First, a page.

Courtesy of ESCLH Blog: An upcoming conference (16-17 March) at Université d’Orléans on law and nature in the Middle Ages. Talks include Marie Bassano on the relationship between man and nature among late-medieval jurists and Dante Fedele on the medieval jurists and the sea.

The full program is here.

Sunday, March 5, 2023

Nature versus the common law V: Rylands in India

In previous posts in this series we looked at how courts dealt with the question of whether the common law rules of water law needed to give way to the felt necessities of different environmental conditions in two doctrinal contexts - public rights in non-tidal rivers and shifting watercourses. Next up is an examination of how "the rule in Rylands v Fletcher" fared in India.

The 1868 decision of the House of Lords in Rylands, affirming an 1866 decision of the Court of Exchequer Chamber, is one of the best-known cases in English tort law. The defendant in the case had built a water reservoir on his land to store water for powering a mill, taking all due care, but the water in the reservoir escaped through some old mineshafts and flooded the mines of his neighbor. The court ruled that if a defendant brings something dangerous on to his land and that thing escapes and causes damage to a neighbor, he is liable in tort even if he acted without fault.

Of particular relevance for this study, Lord Chancellor Cairns's ruling turned to a large extent on the issue of whether the use made by the defendant landowner was natural or not. Lord Cairns wrote that if the defendant's land had accumulated water by "natural user" of the land, and then "by the operation of the laws of nature" flowed onto his neighbor's land, there would be no liability. If, however, the defendant used his land for "a non-natural use, for the purpose of introducing into the close that which in its natural condition was not in or upon it", liability would ensue were the water to escape and cause damage, as it did in this case.

Even before the House of Lords had issued its opinion in Rylands's appeal, the Madras Railway Company decided to try and have the rule in the case established by the Court of Exchequer Chamber imported to India. A couple of tanks (reservoirs) located near the rail line in the District of North Arcot had burst several times in 1865 and 1866, and the resulting floods had damaged embankments, bridges, and culverts belonging to the railway company. The company brought suit against the landowner for the damages (Madras Rwy Co v Salvah Makaraju, 5 Madras High Court Reports 139 (1870)), at the same time refusing to allege negligence on the part of the defendant, choosing instead to rely on the new rule of Fletcher v Rylands. It seems that the railway company was hoping from the start to appeal the case up to the Privy Council in London, hoping, as the Madras High Court put it, to take the final decision out of the hands of "Judges conversant with the necessities of the country", instead having "a rule […] imposed elsewhere by Judges not so conversant" (Madras Rwy Co v Zamnida'r of Ka'vatinaggur, 6 Madras High Court Reports 180 (1871)).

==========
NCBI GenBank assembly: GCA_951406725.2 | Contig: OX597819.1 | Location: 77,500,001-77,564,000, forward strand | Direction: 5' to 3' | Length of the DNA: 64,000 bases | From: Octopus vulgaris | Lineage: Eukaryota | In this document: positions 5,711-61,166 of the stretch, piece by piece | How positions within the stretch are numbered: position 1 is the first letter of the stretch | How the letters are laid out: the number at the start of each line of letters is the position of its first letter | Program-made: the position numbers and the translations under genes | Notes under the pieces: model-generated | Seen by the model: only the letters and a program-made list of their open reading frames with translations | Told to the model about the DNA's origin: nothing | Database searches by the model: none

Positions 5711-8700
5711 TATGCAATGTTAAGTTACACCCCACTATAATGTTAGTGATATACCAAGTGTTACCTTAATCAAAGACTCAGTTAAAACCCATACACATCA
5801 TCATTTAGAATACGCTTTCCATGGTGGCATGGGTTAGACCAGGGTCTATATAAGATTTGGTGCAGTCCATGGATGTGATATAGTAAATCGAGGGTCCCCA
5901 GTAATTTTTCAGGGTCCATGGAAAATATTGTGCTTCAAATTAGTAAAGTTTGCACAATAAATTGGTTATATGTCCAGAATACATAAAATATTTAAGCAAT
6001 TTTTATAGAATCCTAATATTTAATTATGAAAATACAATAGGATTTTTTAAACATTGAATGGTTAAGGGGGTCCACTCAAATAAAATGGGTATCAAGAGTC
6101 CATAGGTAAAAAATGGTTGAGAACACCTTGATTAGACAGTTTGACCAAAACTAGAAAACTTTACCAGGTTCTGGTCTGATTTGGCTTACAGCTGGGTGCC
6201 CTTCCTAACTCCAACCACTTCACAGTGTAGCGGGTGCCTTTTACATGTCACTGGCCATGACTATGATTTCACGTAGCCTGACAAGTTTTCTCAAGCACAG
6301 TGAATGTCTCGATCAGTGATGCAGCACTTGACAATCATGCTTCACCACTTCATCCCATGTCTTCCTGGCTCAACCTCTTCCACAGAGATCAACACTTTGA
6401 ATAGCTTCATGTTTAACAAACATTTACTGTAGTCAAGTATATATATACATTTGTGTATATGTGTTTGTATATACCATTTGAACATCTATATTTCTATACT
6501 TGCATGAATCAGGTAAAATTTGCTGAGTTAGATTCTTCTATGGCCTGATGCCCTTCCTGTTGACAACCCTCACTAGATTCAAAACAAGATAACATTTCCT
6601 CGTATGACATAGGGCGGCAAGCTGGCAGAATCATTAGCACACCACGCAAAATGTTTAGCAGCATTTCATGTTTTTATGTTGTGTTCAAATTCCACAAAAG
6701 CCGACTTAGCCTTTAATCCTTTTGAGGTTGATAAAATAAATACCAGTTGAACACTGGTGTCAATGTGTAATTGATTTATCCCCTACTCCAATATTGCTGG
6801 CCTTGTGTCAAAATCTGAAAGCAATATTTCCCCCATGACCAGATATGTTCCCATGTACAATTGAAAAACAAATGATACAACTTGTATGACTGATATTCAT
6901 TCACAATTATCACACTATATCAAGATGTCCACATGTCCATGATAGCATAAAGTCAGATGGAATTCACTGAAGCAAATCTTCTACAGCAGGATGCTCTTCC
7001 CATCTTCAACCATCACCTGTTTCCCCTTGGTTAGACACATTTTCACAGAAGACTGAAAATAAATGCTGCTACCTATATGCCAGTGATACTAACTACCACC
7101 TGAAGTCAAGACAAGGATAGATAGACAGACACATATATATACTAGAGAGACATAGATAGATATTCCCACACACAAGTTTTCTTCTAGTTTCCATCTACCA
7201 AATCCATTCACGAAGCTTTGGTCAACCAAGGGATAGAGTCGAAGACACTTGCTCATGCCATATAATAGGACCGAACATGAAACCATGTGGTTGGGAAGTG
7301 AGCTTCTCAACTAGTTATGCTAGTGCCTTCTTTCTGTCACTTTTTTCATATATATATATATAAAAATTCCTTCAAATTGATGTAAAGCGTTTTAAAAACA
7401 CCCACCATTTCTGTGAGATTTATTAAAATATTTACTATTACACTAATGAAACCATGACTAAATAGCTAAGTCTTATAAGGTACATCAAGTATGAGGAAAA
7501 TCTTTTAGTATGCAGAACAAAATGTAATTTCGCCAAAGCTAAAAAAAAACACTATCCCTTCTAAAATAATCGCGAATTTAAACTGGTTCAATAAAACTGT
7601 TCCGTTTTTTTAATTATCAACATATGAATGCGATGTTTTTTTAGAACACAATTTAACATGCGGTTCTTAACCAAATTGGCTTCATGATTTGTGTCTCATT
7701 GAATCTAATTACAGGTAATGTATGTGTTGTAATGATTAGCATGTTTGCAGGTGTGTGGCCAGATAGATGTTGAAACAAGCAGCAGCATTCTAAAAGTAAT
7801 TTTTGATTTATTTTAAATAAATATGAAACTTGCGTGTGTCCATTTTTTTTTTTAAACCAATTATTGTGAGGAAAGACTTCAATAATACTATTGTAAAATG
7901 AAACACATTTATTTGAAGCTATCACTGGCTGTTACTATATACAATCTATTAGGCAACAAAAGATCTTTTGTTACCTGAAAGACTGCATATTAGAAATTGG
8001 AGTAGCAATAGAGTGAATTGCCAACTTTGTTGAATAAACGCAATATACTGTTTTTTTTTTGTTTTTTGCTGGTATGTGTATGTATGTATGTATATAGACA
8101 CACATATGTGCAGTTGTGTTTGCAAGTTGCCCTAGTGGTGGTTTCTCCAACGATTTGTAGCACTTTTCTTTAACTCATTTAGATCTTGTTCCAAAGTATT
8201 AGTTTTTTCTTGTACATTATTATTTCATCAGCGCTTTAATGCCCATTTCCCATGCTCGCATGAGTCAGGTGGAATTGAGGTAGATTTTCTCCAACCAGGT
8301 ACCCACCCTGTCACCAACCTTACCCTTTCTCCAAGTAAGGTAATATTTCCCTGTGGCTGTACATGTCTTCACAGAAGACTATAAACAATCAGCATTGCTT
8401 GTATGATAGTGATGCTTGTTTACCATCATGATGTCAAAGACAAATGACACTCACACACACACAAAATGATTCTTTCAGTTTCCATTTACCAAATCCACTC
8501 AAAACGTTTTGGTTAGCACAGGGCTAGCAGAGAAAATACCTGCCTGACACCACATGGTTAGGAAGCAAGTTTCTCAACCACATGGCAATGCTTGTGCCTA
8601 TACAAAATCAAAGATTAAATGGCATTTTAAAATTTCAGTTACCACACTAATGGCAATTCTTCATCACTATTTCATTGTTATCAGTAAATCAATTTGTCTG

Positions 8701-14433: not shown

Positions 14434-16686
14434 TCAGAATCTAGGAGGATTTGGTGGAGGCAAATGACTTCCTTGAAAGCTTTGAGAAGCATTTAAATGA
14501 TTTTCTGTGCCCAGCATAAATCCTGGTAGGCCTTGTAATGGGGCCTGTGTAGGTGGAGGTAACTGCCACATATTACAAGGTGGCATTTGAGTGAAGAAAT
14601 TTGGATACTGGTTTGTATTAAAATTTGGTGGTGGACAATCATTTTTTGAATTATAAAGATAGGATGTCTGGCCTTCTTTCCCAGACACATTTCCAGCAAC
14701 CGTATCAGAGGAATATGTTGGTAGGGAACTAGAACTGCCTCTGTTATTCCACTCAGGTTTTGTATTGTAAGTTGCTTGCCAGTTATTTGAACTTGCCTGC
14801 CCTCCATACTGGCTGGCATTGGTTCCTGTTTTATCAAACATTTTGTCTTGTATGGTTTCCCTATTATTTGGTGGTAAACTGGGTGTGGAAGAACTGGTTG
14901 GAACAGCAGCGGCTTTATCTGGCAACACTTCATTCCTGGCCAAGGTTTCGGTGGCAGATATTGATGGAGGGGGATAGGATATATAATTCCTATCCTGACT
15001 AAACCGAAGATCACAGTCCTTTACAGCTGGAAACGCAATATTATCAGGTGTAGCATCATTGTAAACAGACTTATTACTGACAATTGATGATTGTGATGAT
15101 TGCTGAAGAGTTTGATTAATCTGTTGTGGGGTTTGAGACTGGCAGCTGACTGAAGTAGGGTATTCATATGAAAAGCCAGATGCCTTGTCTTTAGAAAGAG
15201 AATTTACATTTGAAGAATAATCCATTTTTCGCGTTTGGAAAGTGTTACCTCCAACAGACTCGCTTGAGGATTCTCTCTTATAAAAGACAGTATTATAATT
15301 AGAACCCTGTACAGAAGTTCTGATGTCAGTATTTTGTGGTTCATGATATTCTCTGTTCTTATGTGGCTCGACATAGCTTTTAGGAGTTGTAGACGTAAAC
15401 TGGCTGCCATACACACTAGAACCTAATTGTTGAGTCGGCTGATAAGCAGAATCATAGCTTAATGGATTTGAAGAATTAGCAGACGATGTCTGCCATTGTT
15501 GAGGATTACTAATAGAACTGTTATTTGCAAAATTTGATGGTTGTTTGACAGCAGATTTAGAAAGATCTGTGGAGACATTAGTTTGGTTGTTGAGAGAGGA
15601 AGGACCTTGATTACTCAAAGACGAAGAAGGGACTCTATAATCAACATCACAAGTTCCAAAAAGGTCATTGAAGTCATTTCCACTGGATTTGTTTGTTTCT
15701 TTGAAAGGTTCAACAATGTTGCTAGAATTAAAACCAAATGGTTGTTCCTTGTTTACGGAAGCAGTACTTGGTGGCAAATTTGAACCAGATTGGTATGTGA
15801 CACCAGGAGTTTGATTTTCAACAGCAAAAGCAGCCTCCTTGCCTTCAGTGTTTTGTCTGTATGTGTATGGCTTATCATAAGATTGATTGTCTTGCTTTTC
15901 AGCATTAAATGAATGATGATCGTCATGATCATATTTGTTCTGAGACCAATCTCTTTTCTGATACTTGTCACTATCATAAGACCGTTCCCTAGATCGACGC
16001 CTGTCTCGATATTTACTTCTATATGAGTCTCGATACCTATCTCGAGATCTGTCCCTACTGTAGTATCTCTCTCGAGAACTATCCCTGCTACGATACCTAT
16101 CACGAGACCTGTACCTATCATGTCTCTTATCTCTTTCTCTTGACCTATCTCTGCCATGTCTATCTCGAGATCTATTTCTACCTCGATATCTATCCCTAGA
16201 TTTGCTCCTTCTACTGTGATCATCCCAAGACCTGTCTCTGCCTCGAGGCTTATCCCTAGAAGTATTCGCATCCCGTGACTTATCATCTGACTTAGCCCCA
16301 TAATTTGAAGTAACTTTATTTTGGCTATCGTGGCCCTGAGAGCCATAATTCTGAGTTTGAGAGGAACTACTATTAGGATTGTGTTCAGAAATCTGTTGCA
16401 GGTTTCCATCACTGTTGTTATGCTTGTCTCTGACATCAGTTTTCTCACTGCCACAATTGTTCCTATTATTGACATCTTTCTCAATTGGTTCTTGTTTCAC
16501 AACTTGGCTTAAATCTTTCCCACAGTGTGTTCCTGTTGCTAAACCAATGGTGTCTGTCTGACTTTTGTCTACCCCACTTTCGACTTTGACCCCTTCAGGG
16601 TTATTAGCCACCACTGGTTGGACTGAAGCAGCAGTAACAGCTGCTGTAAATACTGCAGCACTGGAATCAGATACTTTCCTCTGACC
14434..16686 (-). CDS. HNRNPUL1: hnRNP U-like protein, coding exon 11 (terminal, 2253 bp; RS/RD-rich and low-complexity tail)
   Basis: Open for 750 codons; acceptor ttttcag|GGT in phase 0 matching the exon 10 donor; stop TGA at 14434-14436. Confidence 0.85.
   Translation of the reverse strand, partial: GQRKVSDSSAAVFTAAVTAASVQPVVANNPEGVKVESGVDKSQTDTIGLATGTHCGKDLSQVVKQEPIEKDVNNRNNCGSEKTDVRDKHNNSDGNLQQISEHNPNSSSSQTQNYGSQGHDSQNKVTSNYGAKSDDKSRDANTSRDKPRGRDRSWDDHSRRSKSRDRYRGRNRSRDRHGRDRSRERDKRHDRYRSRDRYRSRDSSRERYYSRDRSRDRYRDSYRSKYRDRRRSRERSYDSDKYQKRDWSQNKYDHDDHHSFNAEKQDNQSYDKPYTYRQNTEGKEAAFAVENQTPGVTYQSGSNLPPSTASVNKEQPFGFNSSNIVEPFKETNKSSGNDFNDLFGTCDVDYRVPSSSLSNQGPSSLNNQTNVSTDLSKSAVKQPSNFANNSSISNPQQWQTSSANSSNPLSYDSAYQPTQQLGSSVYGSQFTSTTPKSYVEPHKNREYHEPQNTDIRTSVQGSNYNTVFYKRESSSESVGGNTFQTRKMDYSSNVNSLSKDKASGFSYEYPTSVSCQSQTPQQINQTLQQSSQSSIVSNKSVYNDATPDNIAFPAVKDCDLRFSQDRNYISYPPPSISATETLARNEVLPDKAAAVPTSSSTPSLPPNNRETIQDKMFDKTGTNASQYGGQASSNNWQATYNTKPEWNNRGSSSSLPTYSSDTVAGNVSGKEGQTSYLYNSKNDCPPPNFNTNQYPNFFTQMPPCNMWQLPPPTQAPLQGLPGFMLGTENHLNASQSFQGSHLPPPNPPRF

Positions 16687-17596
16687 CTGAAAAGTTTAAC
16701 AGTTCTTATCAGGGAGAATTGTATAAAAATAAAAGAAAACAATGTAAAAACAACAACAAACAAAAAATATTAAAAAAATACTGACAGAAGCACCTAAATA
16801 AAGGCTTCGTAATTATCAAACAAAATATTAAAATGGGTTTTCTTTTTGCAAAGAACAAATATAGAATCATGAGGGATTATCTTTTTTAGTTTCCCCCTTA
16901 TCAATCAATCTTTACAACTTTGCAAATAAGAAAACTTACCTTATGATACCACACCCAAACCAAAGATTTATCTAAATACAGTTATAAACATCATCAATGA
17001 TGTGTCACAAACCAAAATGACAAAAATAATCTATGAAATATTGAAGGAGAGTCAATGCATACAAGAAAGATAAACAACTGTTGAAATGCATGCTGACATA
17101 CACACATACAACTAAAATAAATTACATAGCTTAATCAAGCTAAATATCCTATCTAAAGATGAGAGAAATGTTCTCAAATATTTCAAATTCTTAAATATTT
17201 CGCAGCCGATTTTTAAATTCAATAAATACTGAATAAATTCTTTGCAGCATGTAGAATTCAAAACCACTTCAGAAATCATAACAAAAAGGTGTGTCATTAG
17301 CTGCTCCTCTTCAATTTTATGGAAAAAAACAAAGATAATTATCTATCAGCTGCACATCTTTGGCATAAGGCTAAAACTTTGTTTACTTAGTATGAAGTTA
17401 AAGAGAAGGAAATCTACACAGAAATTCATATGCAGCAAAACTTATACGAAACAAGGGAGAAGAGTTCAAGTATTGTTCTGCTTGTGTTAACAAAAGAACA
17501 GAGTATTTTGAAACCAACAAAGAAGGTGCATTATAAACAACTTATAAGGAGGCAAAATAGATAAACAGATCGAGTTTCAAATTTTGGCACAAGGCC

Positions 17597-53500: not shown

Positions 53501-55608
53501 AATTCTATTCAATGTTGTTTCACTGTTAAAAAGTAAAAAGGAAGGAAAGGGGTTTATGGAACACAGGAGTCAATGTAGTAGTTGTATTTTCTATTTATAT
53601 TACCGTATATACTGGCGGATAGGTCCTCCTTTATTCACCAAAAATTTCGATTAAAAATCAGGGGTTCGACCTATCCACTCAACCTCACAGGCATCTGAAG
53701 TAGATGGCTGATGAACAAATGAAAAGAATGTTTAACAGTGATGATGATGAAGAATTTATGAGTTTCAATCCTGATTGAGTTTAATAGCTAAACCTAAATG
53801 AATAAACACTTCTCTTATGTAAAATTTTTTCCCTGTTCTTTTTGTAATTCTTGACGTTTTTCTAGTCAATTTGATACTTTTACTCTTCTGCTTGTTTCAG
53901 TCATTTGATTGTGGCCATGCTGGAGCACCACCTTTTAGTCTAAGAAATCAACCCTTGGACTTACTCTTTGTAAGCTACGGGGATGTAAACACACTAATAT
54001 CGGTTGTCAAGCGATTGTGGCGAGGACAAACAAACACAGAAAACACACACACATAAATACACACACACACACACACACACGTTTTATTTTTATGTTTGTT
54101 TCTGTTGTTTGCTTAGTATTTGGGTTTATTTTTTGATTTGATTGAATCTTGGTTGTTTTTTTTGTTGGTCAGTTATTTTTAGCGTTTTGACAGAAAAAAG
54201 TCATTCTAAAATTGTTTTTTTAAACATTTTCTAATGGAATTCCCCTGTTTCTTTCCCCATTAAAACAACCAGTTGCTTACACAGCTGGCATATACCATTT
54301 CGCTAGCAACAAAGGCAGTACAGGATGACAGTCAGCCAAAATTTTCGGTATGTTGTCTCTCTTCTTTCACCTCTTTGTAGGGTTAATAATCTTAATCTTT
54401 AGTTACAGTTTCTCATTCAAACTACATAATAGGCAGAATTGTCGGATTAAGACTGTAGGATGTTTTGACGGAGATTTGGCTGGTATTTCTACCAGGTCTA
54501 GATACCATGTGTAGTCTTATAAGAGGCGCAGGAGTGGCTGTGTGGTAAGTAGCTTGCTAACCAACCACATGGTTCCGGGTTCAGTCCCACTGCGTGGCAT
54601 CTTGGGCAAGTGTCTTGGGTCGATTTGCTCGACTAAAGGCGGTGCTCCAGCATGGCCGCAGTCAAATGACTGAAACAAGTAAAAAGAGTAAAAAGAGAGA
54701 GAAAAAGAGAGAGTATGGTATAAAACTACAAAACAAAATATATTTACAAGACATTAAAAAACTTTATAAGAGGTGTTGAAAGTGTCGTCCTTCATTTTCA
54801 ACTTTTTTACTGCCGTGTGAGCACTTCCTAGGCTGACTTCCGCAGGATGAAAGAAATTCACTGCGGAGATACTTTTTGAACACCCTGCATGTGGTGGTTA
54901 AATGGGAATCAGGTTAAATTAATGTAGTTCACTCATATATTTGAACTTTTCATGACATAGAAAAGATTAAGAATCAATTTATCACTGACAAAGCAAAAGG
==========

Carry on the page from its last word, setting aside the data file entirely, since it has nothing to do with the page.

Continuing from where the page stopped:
Thursday, March 2, 2023

Weak states and the commons

Vincent Geloso and Félix Foucher-Paquin have posted "Weak States and the Commons: Fisheries and Economic Development in the Gaspesian Peninsula circa 1830". The abstract:

The inefficiencies of common property fisheries are well-known to economists. To avoid over-exploitation, they propose multiple forms of government solutions like taxes, quotas and the enforcement of property rights regimes designed to avoid over-harvesting. However, can there be efficient arrangements under statelessness or in the presence of weak states? One such example is the Gaspesian Peninsula (in the Canadian province of Quebec) during the first half of the 19th century. There, a single firm (the Charles Robin Company) came to dominate the market and it was able to effectively to restrict entry. In this paper, we unveil that it was able to do so by reducing the prices of imported goods that it would give to local fishermen in exchange for a part of their catch. This had the effect of deterring fishermen to contract with other merchants as well as deterring other merchants from entering the market. It also had the effect of making the region, contrary to what historians depict, richer than most regions of Canada at the time. We take this as an example of the ability to deal with commons problems in the presence of weak states.

Alexander Henderson, Causapscal River (1872-1875)

Sunday, February 26, 2023

Nature versus the common law IV: Shifting watercourses